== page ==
Selwood’s Ask the Experts with NZ Eventer – Jonelle Price

This time, Selwood’s ‘Ask the Experts‘ series is based on Eventing.

Our sponsored New Zealand Event Rider, Jonelle Price pursued her dream of eventing at the highest level. She was a reserve for both the Athens Olympics and Aachen World Championships with the extraordinary Mazetto. Jonelle is currently listed on the NZ squad and took home a team bronze medal at the 2012 London Olympics with Flintstar.

Riders, young or old, experience or just starting off with their riding career, have had the opportunity to send us in a question relating to eventing, which Jonelle Price will be answering.

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The first question was from Nina Young:  (Nina is 14 and rides a 5 year old dutch warm blood, who was broken last October. Nina is hoping to attend more BE events in the near future!)
 ‘Hi, I would like to ask a question.
When schooling a youngster, how do you get them to jump ditches, corners and waters without too much of a fuss?
Also, how do you keep a youngster from running through your hand while jumping?
Our dutch warmblood gets very excited while jumping and picks up more and more speed round the courses, so I need help with that!’

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Jonelle’s response was:
‘Hi Nina,Introducing horses to cross country varies greatly depending on the horses nature and attitude. For example, if they are a spooky horse by nature, they might take longer than a horse that is naturally brave and forward.It is best to start with small and simple questions and then work your way up as the horse becomes more confident. Try to avoid getting in to problems. For instance, if they are unsure going into the water or over a ditch for the first time, get a lead from another horse and then come on your own on the third or fourth time. When jumping skinnies or corners, use poles as wings before attempting without. These principles will create good habits and give them good experiences which is important in the early stages.Regarding the picking up speed element, this is something that can be addressed at home on the arena. It is often through enthusiasm that they will do this, but he must also have manners and stay on your aids. You can help him to do this with the use of poles on the ground before or after the fence, ie a pole at one stride before the fence, another at 2 strides and a third at 3 strides. This will regulate his length of stride. You can do the same afterwards if he is rushing on landing.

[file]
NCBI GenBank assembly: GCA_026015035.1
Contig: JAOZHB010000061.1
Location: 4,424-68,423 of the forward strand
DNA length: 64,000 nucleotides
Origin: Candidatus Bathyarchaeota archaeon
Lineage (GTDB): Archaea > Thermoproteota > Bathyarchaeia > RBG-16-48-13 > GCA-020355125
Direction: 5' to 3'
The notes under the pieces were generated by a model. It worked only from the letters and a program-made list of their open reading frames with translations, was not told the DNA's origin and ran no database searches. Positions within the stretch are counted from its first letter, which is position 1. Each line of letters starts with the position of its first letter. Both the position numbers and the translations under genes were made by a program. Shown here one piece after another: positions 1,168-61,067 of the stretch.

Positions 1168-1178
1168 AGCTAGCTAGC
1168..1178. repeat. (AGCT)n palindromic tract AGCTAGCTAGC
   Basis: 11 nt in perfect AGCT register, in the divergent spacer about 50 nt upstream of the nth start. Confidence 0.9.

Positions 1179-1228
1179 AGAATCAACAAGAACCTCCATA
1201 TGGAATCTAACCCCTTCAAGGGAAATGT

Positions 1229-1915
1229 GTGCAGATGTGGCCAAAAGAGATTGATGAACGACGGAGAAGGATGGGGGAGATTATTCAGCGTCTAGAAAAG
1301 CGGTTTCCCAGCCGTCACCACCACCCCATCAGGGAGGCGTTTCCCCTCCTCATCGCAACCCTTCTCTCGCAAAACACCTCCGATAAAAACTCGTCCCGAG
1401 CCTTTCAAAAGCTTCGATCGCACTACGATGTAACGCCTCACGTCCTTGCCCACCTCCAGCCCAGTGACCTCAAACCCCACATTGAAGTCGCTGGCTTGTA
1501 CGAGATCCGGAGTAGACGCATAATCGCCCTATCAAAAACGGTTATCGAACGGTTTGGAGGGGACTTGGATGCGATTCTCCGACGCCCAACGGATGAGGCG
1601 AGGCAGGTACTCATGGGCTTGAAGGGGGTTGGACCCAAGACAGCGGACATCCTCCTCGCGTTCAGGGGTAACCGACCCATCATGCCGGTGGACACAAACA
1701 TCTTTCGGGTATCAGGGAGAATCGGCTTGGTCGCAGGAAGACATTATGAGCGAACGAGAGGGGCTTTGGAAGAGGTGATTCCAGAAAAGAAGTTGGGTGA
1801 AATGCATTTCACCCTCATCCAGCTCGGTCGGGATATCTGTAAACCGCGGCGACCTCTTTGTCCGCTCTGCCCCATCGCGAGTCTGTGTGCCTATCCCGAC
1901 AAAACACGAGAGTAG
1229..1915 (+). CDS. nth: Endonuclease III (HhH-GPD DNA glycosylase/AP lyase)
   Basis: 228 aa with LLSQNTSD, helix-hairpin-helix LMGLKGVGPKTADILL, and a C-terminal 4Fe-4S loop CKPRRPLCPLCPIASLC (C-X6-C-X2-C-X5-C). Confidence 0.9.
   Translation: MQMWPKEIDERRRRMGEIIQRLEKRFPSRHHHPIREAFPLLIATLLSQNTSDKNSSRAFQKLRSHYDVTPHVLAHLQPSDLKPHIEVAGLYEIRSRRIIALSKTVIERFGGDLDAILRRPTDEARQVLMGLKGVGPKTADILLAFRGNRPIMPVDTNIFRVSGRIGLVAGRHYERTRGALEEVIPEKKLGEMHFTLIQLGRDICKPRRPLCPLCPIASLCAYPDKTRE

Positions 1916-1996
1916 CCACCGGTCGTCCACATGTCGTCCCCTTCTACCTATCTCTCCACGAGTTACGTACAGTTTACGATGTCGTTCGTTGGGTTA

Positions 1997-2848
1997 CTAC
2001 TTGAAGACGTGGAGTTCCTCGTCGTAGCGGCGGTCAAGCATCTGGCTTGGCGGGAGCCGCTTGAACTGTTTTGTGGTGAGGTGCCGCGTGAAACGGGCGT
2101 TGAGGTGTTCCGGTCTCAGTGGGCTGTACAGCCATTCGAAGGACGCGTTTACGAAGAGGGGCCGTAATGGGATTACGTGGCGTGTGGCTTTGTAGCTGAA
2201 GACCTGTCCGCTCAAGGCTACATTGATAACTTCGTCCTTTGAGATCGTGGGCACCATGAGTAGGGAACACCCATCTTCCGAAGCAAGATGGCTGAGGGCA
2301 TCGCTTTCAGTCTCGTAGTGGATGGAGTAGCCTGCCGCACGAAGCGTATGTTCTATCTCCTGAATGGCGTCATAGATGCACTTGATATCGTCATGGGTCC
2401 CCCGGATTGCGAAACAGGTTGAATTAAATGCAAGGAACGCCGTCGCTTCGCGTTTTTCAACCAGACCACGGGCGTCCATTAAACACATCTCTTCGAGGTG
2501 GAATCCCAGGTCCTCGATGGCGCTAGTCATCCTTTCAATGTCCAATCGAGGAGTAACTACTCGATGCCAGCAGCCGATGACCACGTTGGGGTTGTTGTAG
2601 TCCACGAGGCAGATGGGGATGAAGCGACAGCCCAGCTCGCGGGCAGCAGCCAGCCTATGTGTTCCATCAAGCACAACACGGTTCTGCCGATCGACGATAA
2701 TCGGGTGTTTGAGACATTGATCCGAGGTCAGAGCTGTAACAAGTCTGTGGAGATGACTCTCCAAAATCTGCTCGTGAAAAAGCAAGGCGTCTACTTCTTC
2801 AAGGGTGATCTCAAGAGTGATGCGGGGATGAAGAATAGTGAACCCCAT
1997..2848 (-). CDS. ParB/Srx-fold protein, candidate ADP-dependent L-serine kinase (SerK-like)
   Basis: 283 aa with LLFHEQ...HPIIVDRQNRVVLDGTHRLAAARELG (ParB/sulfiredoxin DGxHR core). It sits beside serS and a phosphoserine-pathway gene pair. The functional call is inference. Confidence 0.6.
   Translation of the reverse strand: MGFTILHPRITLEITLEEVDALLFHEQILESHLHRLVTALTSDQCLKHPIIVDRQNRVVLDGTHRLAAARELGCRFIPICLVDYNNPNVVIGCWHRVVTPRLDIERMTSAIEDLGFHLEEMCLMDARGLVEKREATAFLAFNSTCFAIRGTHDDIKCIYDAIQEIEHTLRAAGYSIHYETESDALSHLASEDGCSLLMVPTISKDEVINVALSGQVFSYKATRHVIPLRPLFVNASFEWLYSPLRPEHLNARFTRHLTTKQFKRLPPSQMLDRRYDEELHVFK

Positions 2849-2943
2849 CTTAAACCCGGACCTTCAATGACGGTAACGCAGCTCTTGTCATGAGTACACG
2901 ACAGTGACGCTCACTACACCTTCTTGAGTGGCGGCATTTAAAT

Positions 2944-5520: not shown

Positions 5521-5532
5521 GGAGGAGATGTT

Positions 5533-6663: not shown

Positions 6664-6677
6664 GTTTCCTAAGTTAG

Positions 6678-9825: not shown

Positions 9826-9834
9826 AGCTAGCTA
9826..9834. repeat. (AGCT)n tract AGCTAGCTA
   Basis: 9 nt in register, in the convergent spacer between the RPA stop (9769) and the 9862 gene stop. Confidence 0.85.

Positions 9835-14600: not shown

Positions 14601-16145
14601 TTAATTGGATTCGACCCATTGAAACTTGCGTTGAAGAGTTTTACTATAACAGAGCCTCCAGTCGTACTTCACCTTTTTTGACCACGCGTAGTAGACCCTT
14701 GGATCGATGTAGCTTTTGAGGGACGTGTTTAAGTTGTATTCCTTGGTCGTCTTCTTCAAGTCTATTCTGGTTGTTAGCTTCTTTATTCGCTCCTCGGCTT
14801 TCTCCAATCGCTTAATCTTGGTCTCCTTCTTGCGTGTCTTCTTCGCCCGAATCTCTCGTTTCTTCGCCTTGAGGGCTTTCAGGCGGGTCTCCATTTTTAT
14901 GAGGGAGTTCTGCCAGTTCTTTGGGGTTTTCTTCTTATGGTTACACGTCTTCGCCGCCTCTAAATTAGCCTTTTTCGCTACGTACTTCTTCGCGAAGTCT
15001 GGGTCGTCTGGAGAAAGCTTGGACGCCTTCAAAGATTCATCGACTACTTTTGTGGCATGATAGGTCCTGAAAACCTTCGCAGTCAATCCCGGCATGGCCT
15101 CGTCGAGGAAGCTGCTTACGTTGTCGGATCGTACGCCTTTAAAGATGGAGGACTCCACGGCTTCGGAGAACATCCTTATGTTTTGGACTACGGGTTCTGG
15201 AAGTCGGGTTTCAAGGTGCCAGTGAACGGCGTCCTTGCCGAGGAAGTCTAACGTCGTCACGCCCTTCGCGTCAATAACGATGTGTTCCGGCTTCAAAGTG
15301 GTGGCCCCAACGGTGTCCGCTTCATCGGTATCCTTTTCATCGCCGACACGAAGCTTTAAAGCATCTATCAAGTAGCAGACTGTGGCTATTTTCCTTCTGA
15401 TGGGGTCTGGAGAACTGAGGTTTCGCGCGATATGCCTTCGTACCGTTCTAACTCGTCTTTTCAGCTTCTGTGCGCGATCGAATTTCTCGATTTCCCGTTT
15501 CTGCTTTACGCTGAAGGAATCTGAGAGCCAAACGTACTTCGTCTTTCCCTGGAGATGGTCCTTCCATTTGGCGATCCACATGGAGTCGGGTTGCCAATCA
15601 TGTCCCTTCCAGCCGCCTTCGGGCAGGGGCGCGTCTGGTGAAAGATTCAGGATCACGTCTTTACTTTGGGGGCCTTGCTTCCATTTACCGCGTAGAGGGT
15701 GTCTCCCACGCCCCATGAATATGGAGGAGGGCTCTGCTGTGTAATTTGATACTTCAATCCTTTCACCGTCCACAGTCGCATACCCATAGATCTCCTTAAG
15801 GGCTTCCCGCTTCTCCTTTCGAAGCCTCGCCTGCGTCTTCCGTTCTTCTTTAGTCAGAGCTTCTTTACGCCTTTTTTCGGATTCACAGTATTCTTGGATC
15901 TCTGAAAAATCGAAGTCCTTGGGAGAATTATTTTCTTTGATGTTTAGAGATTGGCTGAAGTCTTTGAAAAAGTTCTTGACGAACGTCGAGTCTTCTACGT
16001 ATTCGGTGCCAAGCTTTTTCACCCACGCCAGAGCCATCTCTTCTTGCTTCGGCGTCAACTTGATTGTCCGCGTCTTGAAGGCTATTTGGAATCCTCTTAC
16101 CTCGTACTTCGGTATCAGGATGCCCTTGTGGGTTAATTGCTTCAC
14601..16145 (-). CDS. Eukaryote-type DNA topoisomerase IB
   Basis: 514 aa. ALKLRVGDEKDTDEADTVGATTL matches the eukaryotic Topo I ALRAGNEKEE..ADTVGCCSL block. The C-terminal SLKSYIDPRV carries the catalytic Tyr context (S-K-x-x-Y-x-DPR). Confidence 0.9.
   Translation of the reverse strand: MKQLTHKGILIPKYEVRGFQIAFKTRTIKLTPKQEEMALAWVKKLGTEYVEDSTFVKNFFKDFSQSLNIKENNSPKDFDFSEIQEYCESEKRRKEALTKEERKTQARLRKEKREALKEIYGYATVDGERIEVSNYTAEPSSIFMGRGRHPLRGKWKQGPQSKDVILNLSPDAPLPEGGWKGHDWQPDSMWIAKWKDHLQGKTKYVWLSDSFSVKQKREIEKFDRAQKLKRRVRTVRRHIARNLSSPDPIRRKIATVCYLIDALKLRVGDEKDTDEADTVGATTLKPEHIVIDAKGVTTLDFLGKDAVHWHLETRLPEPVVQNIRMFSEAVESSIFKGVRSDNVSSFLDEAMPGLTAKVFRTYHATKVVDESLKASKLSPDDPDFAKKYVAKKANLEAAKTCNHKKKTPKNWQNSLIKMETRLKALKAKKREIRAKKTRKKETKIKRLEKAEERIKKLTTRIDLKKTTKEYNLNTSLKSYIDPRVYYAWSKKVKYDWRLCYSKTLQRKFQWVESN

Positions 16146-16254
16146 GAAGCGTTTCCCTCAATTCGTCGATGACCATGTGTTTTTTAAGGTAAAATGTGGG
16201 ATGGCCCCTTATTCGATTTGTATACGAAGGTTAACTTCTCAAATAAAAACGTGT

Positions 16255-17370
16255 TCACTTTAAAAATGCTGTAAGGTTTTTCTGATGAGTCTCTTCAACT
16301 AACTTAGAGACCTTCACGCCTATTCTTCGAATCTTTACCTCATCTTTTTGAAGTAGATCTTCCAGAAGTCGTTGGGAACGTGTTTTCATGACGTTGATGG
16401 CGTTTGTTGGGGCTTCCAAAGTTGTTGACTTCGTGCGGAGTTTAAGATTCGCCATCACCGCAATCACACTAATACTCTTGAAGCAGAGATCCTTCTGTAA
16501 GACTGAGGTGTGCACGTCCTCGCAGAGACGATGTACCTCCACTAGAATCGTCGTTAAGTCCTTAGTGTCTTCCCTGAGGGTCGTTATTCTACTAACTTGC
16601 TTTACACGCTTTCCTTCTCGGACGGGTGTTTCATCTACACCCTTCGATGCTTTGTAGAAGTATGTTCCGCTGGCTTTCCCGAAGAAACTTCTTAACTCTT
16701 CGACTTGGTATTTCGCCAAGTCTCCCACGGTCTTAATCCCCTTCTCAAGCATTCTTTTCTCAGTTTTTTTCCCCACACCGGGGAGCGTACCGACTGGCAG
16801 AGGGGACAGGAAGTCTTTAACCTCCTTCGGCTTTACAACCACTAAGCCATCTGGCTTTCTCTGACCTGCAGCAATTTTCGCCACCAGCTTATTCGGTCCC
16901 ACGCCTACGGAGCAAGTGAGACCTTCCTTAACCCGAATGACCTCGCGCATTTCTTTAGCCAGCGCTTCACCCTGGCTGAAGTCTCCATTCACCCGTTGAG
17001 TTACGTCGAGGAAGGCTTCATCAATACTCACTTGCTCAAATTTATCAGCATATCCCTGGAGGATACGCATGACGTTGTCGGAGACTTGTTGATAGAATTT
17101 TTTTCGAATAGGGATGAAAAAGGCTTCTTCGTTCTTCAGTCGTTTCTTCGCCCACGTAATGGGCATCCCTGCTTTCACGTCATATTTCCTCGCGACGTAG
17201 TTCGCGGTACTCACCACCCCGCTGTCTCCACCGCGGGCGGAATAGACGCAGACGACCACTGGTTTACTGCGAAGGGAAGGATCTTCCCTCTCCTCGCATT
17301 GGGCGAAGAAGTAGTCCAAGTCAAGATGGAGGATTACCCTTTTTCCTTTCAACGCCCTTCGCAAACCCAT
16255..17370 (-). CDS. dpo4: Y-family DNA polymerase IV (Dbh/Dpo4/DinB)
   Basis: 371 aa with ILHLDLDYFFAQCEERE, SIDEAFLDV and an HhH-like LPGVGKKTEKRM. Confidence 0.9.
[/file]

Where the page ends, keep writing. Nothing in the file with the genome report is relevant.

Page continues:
He is only young and hasn’t been broken in very long, so take your time.

Good luck!
Jonelle x’

Thank you to Jonelle for the great advice and Nina for the question!
If anybody else has any questions that they would like Jonelle to answer, please email leanne@selwood.com
If your question is selected to be put forward, you too could have it published online.
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